L.A.’s Covid Catastrophe: 70 People Being Treated In A 29-Bed Emergency Department; Black Community Hit Hard As County Virus Deaths Cross 9,000
The CEO of the Martin Luther King Jr. Community Hospital in Los Angeles on Tuesday pointed out the devastating effects of the COVID-19 pandemic on the black communities, announcing that the small medical center is overloaded with patients and 70 people in a 29- Bed emergency room.
"The African American community has been disproportionately affected by COVID-19, and we see that in southern Los Angeles ... and we see that in the hospital, too," said Dr. Elaine Batchlor during a video conference held by Covered California Black residents must be insured and vaccinated if the shots become available to the public.
"We now have more COVID patients than hospitals three to four times the size of us," Batchlor said. “The test site on our campus has a COVID positivity rate of 25%, compared to 12 to 13% in the entire district. We are a small community hospital with 131 beds and have already exceeded our surge capacity. We started this morning with 206 patients in our 131 bed hospital and 70 patients in the emergency room - that's a 29 bed emergency room. "
Los Angeles County as a whole reported an additional 88 coronavirus-related deaths and 12,954 newly confirmed cases of Covid-19. The new deaths have pushed the cumulative death toll from the virus past the 9,000 mark. The number of people hospitalized in the county is now officially 5,866, although the state estimate for the county tops 6,000. L.A. County has seen more than 1,000 COVID-19 deaths in the past two weeks.
L.A. had 5,866 people hospitalized with Covid-19 on Tuesday, 20% of them in intensive care. The number of people hospitalized with Covid-19 again reached a new high. The daily number of hospital stays has increased by more than 2,700 patients per day for the past two weeks, when 3,113 people with Covid-19 were hospitalized.
Peter Lee, director of Covered California also highlighted the impact the pandemic is having on the black community, saying 70% of black Americans know someone who has died or been hospitalized from COVID, compared with 60% of Latinos and 50% of the time Whites.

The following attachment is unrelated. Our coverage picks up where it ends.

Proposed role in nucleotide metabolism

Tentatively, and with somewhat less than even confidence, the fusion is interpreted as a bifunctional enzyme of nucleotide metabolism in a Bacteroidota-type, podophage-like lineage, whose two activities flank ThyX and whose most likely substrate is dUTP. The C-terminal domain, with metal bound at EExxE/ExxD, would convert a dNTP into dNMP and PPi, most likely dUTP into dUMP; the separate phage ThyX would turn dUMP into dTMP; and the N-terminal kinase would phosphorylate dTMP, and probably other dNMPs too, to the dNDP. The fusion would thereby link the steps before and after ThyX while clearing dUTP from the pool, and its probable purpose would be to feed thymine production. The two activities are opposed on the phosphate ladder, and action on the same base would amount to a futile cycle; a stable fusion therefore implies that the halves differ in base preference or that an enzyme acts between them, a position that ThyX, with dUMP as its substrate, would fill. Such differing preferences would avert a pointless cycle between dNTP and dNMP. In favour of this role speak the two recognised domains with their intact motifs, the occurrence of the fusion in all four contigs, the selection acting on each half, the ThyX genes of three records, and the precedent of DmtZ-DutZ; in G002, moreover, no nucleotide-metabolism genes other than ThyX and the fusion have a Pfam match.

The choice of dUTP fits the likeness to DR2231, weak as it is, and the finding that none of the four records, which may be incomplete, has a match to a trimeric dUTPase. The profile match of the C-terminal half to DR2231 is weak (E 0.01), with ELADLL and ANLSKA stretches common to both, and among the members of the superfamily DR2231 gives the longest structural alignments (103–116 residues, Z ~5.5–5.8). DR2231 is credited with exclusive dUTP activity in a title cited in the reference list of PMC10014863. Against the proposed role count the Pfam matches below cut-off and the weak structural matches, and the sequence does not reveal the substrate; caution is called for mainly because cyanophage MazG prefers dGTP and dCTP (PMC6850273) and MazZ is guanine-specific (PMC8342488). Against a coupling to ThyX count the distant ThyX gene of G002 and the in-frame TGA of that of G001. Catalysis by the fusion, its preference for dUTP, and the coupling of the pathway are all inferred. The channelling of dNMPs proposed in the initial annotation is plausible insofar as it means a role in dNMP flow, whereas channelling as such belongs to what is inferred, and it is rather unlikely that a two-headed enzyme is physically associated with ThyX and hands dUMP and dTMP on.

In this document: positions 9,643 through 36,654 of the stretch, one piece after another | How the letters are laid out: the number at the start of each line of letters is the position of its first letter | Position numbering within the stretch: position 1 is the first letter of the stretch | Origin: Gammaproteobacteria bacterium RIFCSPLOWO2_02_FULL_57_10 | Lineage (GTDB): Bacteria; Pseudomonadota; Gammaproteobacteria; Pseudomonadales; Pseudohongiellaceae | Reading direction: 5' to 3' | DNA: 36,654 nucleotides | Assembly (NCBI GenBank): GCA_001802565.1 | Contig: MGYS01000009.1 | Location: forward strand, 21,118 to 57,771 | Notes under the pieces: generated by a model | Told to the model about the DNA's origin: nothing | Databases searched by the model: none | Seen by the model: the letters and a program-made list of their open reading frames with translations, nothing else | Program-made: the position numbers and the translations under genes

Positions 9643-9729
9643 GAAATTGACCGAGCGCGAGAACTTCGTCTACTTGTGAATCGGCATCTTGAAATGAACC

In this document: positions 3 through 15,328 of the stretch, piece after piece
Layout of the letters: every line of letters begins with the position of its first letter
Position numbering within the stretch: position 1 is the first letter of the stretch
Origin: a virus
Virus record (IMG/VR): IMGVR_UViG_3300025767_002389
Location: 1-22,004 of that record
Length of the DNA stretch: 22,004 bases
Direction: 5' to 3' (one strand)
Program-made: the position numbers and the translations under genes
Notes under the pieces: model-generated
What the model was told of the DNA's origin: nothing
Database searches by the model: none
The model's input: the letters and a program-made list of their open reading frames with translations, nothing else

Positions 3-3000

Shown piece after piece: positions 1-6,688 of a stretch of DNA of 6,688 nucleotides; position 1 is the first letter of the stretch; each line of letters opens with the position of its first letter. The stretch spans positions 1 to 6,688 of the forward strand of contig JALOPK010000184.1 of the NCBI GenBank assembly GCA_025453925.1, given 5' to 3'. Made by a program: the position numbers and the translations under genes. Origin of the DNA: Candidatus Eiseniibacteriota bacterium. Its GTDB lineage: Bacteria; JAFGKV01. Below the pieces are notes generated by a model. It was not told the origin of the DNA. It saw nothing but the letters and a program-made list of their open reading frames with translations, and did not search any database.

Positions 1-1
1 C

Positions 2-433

"The COVID pandemic is hitting the African American community more than any other," Lee said. "Now the good news is that the vaccines are with us now, but most of us won't get those vaccines until 2021. There is also cause for concern. Black Americans - only 40% say they would be taking a vaccine now. That's far below rates in other communities. About 80% of Asian communities say they are likely to be vaccinated, 60% of Hispanics and whites. "
Lee, Batchlor and other medical experts urged residents not to hesitate to get vaccinated.
"When the vaccine is available and proven to be safe and effective as the vaccines are, take the vaccine," Lee said.
Dr. David Carlisle, President / CEO of the Charles R. Drew University of Medicine and Science in Los Angeles, said all color communities should take the virus seriously and not hesitate to get vaccinated.
"COVID-19 has spread like wildfire in color communities, especially African American communities, especially Latino communities and other color communities as well," he said. "If you look at the numbers ... they're pretty clear. Latinos are 2.7 times more likely to test positive. Among African Americans, anyone I've spoken to personally knows someone who died of COVID-19. That is an enormous burden. "
He compared the vaccine to buckling up in a car accident and called it a critical means of defense.
"These vaccines offer hope where there hasn't been for so many months," said Carlisle. "We hope we can use the vaccines to eradicate COVID-19 and lower those infection rates, but to do that people have to take the vaccines."
The City News Service contributed to this report.
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